Meeting the mythical guardian of Atol das Rocas
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Although we can't see the whole island from here, the view from the ship
suggests Atol das Rocas is a fairly desolate place.
||Learn more about the noted scientist at the center of the Brazil shark mission...
Breaking language barriers, team memebers from Brazil, Denmark
and the U.S. organize netting that will help to capture and detain some of
the smaller lemon sharks.
CLICK HERE to learn more about @Sea correspondent, Mark Carroll.
DISPATCH 03: The Mysterious 'Island Lady'
@Sea correspondent/photographer, Mark Carroll
9:32am, March 13 -- Last night's impromptu attempt to capture lemon sharks at the seamount uncovered nothing. "I
think we made a mistake heading out last night," said mission leader and cheif scientist, Dr. Sam Gruber, at a morning
meeting in the ship's conference room. "We have plenty of time here. No
need to rush it."
Then again, we couldn't rush it, even if we wanted to. The Brazilian
authorities that protect the atoll's marine sanctuary, in this case a
solitary woman that lives on the island, wanted to meet us face-to-face
before allowing access.
Just a few minutes ago we dropped anchor at Atol das Rocas. From our vantage point, the atoll's strip of sand
offered no more than a few trees and brilliant, brilliant blue water.
Frigate birds flew overhead while other sea birds -- masked boobies and
assorted terns -- glided over the wave tops, circled the boat, then
retreated to the horizon. The island's point, a mile from our ship, looked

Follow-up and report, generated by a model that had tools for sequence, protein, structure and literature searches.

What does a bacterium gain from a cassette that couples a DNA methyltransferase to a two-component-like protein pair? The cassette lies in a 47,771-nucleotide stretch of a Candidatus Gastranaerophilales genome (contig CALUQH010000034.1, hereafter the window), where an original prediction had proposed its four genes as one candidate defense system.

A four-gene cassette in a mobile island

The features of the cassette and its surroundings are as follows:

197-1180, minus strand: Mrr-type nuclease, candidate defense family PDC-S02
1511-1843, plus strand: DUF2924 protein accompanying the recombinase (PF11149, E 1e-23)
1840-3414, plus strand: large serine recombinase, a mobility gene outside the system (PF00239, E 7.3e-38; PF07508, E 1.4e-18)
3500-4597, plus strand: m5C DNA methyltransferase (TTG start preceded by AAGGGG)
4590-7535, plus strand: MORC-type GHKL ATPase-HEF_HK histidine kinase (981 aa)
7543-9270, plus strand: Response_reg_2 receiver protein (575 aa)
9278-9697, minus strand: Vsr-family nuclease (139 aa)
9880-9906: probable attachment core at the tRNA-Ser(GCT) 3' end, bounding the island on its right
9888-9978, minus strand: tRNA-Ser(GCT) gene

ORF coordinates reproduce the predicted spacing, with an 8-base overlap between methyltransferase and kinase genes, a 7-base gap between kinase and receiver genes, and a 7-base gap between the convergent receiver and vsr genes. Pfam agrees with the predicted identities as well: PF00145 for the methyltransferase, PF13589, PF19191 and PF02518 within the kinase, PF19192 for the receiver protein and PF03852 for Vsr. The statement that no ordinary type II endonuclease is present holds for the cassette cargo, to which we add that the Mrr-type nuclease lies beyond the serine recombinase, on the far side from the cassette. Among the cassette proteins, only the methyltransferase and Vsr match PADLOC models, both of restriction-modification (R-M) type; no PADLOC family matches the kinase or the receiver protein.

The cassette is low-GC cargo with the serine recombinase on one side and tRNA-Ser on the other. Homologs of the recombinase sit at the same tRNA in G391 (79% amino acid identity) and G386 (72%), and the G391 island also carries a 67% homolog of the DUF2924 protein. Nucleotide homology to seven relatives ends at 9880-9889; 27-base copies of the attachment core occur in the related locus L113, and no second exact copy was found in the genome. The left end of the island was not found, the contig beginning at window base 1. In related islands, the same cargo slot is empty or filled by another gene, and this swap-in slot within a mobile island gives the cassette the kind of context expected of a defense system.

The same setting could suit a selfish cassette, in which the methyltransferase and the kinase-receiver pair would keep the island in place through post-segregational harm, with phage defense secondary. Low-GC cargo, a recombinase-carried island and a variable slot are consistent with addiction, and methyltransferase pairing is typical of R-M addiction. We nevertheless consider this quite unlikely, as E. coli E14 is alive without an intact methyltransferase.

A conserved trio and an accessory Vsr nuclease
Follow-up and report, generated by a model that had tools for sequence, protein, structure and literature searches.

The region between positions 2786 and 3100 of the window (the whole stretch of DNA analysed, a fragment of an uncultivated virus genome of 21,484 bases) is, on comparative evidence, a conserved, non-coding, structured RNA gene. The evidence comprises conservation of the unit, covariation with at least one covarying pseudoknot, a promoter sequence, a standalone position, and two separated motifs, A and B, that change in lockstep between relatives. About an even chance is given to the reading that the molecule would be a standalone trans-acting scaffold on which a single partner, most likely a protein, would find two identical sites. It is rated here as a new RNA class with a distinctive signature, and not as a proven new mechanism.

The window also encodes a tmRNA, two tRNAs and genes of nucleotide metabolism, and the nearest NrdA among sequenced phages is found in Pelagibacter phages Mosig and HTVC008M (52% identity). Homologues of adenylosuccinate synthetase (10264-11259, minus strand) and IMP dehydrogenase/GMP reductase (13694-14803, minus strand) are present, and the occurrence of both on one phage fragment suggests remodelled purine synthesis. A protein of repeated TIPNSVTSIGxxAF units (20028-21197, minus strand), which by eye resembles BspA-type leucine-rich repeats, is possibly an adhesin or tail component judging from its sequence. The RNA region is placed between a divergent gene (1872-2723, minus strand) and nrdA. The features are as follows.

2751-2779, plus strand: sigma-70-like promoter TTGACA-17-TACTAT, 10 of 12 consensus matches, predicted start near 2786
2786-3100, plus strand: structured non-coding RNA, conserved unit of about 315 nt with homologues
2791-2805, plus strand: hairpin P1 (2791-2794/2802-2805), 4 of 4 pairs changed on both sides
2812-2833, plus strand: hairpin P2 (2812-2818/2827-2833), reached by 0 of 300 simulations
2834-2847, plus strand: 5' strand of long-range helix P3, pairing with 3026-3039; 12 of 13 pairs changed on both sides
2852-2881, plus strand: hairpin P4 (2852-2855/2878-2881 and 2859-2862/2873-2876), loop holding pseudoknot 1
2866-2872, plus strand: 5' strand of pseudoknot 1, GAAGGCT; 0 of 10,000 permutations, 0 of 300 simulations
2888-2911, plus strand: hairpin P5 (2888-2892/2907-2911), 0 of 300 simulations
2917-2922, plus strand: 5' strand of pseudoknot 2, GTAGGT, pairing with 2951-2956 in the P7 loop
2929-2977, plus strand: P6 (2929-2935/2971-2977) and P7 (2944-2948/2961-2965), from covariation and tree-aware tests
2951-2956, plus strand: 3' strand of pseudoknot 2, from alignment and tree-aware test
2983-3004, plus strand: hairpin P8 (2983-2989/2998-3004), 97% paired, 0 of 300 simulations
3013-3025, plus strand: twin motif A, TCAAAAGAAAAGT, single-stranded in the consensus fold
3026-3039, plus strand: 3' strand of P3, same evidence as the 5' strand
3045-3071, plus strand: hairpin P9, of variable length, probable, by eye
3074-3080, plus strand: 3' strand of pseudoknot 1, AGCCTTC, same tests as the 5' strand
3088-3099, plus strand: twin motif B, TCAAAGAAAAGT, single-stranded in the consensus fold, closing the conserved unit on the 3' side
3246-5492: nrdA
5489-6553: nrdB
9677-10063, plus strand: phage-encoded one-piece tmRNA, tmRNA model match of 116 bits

to have some surfable breakers. I guess I won't be doing any surfing, though, because there'
s no board onboard, and I can't surf.
Only sketchy details about Atol das Rocas's lone resident surfaced before our departure from
Natal yesterday. It seems she is an enigma to the locals. Onboard, stories
about the mysterious 'island lady' abounded. One crew member recounted a
story he had been told of a beautiful Brazilian that lived off the bounty of
the sea. Another mythical tale told of a mermaid that aggressively
protected the island -- with deadly force, if necessary.
12:15pm, onboard the SEWARD JOHNSON -- Anticipation ran high as a small
skiff approached carrying the island's protector and the answers to our
questions (it was also the first boat we had seen since losing sight of
land). When the mysterious woman stepped aboard our research vessel, she
was promptly surrounded by an excessively curious crew. She seemed normal
and friendly, but unnerved by our eager reception. In translated
Portuguese, she half-jokingly announced, "I should have brought my gun."
She was neither siren nor mermaid, but she did have power over our
expedition. At the meeting, it was declared that no more than ten people
would be allowed on the island. And, although we already have an observing
Brazilian Navy officer onboard, we also had to make room for Brazilian
monitors on our smaller boats, in order to insure the safety of the animals.
2:08pm -- With these (un)pleasantries out of the way, work continued.
Yesterday was dedicated to preparation; today was dedicated to trials.
Several of the smaller boats were launched from the deck of the SEWARD
JOHNSON to test their sea-worthiness. Seeing as they didn't sink, a small
contingent loaded one boat with nets and lines and hooks and headed to
the beach to establish a base camp of sorts, a staging area for much of the
gear that will be needed in the atoll's lagoon.
10:24pm -- Even as much of the team relaxes in the other room, no one can
let the project go. Conversations inevitably turn to the expedition and
preparations for tomorrow. Morale is high, but the crew seems to be anxious
to get to the heart of the expedition -- to interact with the lemon shark.
First, we have to see if there are indeed sharks at Atol das Rocas.